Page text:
2012 us open

That’ll Be All for Kim Clijsters

NEW YORK, NY - AUGUST 29: Kim Clijsters of Belgium reacts against Laura Robson of Great Britain during their women's singles second round match Day Three of the 2012 US Open at USTA Billie Jean King National Tennis Center on August 29, 2012 in the Flushing neigborhood of the Queens borough of New York City. (Photo by Michael Heiman/Getty Images)
That’s the end.

The trend of uncompetitive matches on Arthur Ashe Stadium continued yesterday during the night session, in which Maria Sharapova and Andy Murray’s unfortunate opponents won no more than seven games in five sets of tennis, combined. The day matches were a different story though, as the Marathon Man himself, John Isner, orchestrated the first non-straight sets match on Ashe yet. Known by many as the guy who actually won that excruciating eleven-hour match at Wimbledon two years ago, Isner only needed to spend three hours on court yesterday before finally putting down his testy opponent in a fourth-set tiebreak. The same story of survival could not be told of Kim Clijsters however; the three-time U.S. Open champion not only lost to Laura Robson, but said good-bye to professional tennis forever.

Technically, she’s still playing doubles this week with Bob Bryan (of the extremely successful Bryan brothers doubles team) and Kirsten Flipkens in an extended good-bye tour, but Robson was the one to impressively extinguish the Belgian’s singles career, in two very entertaining sets. In the second set, Clijsters flirted back and forth with disaster, serving to stay in the set a few times and coming within a hair of near match points. She fought off two actual match points, in enthralling fashion, but Robson capitalized on the third in a tiebreak to clinch the upset.

The 18-year-old British teenager seemed just as stunned as the fans watching; although she was the more dominant player, it didn’t feel like it was time for it to end. Clijsters came to Flushing this year openly declaring that this would be her last event before retirement, so the industry was all on high alert, waiting for the final moment to spring up. But the stadium yesterday was barely a quarter full, and the staff was already beginning to prepare for the evening session. People in the stands were yelling at inappropriate times. Someone from the clownish LMFAO was sitting courtside taking fan pictures, in rhinestone glasses and infuriatingly garish pants. It just didn’t feel like the proper setting for one of the tournament’s champions to play the last professional singles match of her life.

So far at the Open, we’ve seen numerous startling comebacks across the grounds. As such, you’d be forgiven for thinking this was just part of the 2012 script and that Clijsters too would pull off the win. She herself said that the U.S. Open, her most successful Slam, has always inspired her to perform well. But unlike the nine men who came back from being down two sets to love to win a five-setter (on Wednesday alone, this included Janko Tipsarevic, Ernests Gulbis, and Gilles Muller), it was not to be.

Robson, for her part, performed beautifully. British tennis has had great hopes for Andy Murray’s occasional mixed doubles partner, with whom he won the Olympic silver medal a few weeks ago. But she had yet to make good on the monumental expectations, often failing to close out victories due to pressure. This match, which puts her into the third round of a Slam for the first time, suggests that she’s turning a corner with her mental game, and that perhaps she can in fact enter the top ten as her coach recently declared possible. For the time being, she’s eyeing another challenging opponent in the next round: 2011 French Open champion Li Na. Should she beat Na, a tall but not impossible order, she’d then likely meet the defending champ Sam Stosur. Should she emerge from that matchup, her reward for knocking out three past champions in a row would be … Victoria Azarenka, the current Australian Open title holder.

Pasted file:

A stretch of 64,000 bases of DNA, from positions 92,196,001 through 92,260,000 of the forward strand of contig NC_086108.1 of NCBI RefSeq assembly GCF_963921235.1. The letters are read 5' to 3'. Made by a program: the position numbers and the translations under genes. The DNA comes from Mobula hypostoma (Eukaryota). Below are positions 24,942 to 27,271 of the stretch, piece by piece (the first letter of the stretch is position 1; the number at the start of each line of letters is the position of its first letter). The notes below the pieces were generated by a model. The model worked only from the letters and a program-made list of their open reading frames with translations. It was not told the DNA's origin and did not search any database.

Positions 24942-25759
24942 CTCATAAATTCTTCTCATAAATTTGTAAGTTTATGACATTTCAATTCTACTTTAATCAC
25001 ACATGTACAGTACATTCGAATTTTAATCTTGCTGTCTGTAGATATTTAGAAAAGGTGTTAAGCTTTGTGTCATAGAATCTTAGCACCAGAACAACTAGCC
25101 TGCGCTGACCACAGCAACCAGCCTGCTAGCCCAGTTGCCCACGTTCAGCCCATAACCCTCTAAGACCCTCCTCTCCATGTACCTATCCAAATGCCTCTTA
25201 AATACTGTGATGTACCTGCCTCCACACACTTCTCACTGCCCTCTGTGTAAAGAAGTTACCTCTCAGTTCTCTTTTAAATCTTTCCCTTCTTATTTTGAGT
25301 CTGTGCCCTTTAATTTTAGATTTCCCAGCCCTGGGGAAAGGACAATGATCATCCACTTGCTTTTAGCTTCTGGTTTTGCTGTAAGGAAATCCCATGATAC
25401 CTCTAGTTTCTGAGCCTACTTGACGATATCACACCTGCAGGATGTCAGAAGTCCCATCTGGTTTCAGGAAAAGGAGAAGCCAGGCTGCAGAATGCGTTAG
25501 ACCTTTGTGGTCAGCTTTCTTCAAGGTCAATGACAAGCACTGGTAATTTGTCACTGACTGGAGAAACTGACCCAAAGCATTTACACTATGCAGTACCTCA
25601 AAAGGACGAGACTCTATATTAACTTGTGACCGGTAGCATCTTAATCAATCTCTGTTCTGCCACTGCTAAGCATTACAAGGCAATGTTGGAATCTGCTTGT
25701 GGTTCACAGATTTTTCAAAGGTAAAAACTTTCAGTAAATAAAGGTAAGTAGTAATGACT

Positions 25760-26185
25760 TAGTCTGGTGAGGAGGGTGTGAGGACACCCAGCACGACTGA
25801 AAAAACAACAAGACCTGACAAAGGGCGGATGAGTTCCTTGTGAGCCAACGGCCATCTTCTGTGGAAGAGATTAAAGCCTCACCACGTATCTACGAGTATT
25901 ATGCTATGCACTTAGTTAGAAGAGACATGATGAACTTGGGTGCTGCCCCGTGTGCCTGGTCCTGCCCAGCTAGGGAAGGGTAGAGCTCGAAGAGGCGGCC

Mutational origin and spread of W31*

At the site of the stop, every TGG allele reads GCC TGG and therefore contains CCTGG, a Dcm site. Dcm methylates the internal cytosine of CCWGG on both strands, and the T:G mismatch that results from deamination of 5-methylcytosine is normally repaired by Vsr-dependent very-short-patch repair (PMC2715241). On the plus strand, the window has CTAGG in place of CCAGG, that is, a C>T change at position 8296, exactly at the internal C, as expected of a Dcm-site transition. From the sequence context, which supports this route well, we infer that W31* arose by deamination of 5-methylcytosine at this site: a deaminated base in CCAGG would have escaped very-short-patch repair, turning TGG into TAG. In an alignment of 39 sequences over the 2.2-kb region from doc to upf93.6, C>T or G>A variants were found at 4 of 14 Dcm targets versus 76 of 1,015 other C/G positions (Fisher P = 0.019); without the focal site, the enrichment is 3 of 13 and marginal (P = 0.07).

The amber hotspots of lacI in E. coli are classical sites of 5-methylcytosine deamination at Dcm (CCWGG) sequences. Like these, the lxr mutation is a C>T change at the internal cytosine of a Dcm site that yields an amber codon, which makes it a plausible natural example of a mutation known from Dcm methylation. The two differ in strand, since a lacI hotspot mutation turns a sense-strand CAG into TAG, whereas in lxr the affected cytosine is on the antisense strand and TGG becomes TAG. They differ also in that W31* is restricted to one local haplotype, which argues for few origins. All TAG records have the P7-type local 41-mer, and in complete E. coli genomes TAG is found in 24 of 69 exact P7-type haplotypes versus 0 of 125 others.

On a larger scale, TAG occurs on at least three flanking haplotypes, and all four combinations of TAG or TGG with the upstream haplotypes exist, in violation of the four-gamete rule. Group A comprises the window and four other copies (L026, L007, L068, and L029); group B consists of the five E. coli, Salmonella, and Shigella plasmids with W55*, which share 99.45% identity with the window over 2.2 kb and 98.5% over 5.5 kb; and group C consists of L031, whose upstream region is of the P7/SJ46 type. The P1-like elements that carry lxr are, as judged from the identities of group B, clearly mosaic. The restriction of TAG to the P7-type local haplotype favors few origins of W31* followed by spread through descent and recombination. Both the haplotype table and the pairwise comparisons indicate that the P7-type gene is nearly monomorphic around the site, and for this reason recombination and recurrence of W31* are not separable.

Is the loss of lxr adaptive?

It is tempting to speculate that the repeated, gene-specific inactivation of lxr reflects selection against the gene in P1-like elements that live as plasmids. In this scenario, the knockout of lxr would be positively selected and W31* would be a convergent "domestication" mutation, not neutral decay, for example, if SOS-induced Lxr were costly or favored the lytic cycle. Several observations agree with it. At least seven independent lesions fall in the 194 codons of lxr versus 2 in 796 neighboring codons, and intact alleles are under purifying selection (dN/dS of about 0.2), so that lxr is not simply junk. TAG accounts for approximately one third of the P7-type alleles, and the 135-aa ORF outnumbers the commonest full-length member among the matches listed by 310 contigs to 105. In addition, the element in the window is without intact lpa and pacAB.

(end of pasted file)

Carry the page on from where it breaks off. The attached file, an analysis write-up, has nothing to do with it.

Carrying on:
Although many probably would have preferred to see a Serena-caliber foe take out Clijsters in a final “good old days” type of battle, it was fitting that a young up-and-comer like Robson be the one to do the deed. Robson herself expressed on court afterwards what a great role model the Belgian had been to her and this next generation. That is, in fact, largely what Clijsters will be known for — her ability to inspire.

If you recall, Clijsters has retired before, and her second career was far more successful (and miraculous) than her first. She left the sport in 2007, after winning her first and only Slam in Flushing in 2005, to have a baby. Then in 2009, she returned to the tour and weeks later won the U.S. Open again, taking out two Williams sisters and a Wozniacki along the way. She successfully defended her title the following year, and finally claimed an Australian Open trophy a few months after.

Tennis fans have largely always felt as if the affable, relatable, lovely, funny Clijsters was their own, regardless of where she went. Case in point: The Australians have been calling her “Aussie Kim” long before she every hoisted their coveted trophy above her head. She has been adored by the people watching, the people writing, and the people competing against her. During her press conference last night, Clijsters sat down in her chair and bittersweetly grinned. “Last time!” Someone replied, “You look happy about that.”

She smiled even wider. That’s Kim.

That’ll Be All for Kim Clijsters